Hoshizaki America

By Tim O'Connor
Assistant Editor
tim@feda.com

In the foodservice market, the ice made today is essentially the same as it was two decades ago. The machines may be getting faster and more efficient, but consumers are still choosing from cubed, crushed or flaked ice. However, as Hoshizaki America continues to evolve the inside of its ice making equipment, it also has begun to rethink the ice itself.

The company has long been recognized by its crescent moon-shaped cubes, however, restaurants and bars are increasingly asking for different shapes. The popularity of chewable ice has risen considerably in recent years, especially in the QSR segment. High-end lounges are now asking for a machine that makes square cubes that are more suitable for brandies and scotches. The shape of the ice helps set those cocktails apart as a luxurious drink worthy of a $15 price tag—which carries a higher profit margin for the operator. “All these mixologists are looking for the next greatest way to offer their customers a new experience,” Vice President Gary Weyhausen says. “We’re going to continue to look at different shapes of ice and we are going to release new models reflecting those shapes going forward.”

While the company develops machines that produce new ice shapes, its latest product launch will address the bar area in a different way. In August, Hoshizaki released a full line of glass door cases for storing chilled beer bottles and a direct draw system for pouring draft beer—innovations that could easily find themselves disseminated throughout the global market. Hoshizaki America is the North American branch of a Japanese company with manufacturing facilities and collaborative teams all around the world. It’s common for a breakthrough in the United States to be shared in other markets, and the increasing demand for ice machines worldwide will only further propagate the Hoshizaki name.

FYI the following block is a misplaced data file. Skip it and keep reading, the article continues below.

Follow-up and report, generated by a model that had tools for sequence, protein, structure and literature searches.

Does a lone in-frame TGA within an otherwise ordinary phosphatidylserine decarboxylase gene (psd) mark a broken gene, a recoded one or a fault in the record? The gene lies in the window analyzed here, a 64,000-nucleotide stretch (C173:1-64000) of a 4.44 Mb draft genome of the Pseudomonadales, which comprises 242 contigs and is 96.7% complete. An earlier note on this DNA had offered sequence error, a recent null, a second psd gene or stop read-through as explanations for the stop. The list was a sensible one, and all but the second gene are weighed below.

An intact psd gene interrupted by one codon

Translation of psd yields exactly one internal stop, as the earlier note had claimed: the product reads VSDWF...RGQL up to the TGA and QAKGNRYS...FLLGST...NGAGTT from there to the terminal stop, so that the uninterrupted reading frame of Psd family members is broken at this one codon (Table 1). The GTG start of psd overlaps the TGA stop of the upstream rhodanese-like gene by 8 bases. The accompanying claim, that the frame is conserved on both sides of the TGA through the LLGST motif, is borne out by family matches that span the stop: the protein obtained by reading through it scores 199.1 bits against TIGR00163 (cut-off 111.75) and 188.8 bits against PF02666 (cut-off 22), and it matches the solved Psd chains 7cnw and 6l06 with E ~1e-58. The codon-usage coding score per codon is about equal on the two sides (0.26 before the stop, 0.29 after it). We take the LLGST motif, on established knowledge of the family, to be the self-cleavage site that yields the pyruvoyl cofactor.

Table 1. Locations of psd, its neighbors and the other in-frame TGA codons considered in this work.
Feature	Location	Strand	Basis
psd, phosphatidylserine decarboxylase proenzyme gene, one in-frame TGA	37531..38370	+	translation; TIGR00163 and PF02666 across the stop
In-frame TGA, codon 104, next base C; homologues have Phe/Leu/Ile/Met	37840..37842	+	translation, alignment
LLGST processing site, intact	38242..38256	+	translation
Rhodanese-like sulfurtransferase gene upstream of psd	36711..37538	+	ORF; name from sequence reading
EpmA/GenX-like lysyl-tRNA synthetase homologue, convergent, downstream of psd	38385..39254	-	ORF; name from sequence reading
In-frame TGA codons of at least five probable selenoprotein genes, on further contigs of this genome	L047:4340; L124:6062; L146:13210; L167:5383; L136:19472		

North America has long led the world in the demand for ice—as serving ice cubes in drinks is less common in European restaurants. Now, it is becoming more common overseas as fast-food chains expand to foreign markets and bring along their serving standards. That trend is reflected in the anticipated growth of the global ice maker market, which was valued at $4.1 billion in 2017, according to an IMARC Group report, and is projected to reach $5.9 billion by 2023.

“We’re seeing the world become more as one,” Weyhausen says. “You’re seeing more American concepts show up in Europe.”

Efficient and Reliable
The process of making ice may seem straightforward—just freeze water—but these days not all ice is the same. Hoshizaki’s equipment is designed so that ice is made on both sides of a stainless-steel evaporator, allowing it to produce twice as much ice using the same amount of energy as machines that run water over a grid of cells to make ice, which is a more common process in ice machines. “Competing equipment has to work twice as hard to make the same amount of ice,” Weyhausen says.

Further, because Hoshizaki’s machines produce more ice in every batch, it has to cycle less often to replenish its ice. As a result, Hoshizaki’s ice machines have 15 percent less overall energy consumption compared to most competing brands, and the use of materials such as stainless-steel means its machines will maintain that efficient output much longer. This push for greater energy efficiency has earned Hoshizaki recognition from the manufacturing industry, including Energy Star Partner of the Year awards for the last seven years, and caught the attention of foodservice businesses looking to reduce their operating costs. “We have more Energy Star-qualified models than any of our competitors,” Marketing Manager Sally Ray adds.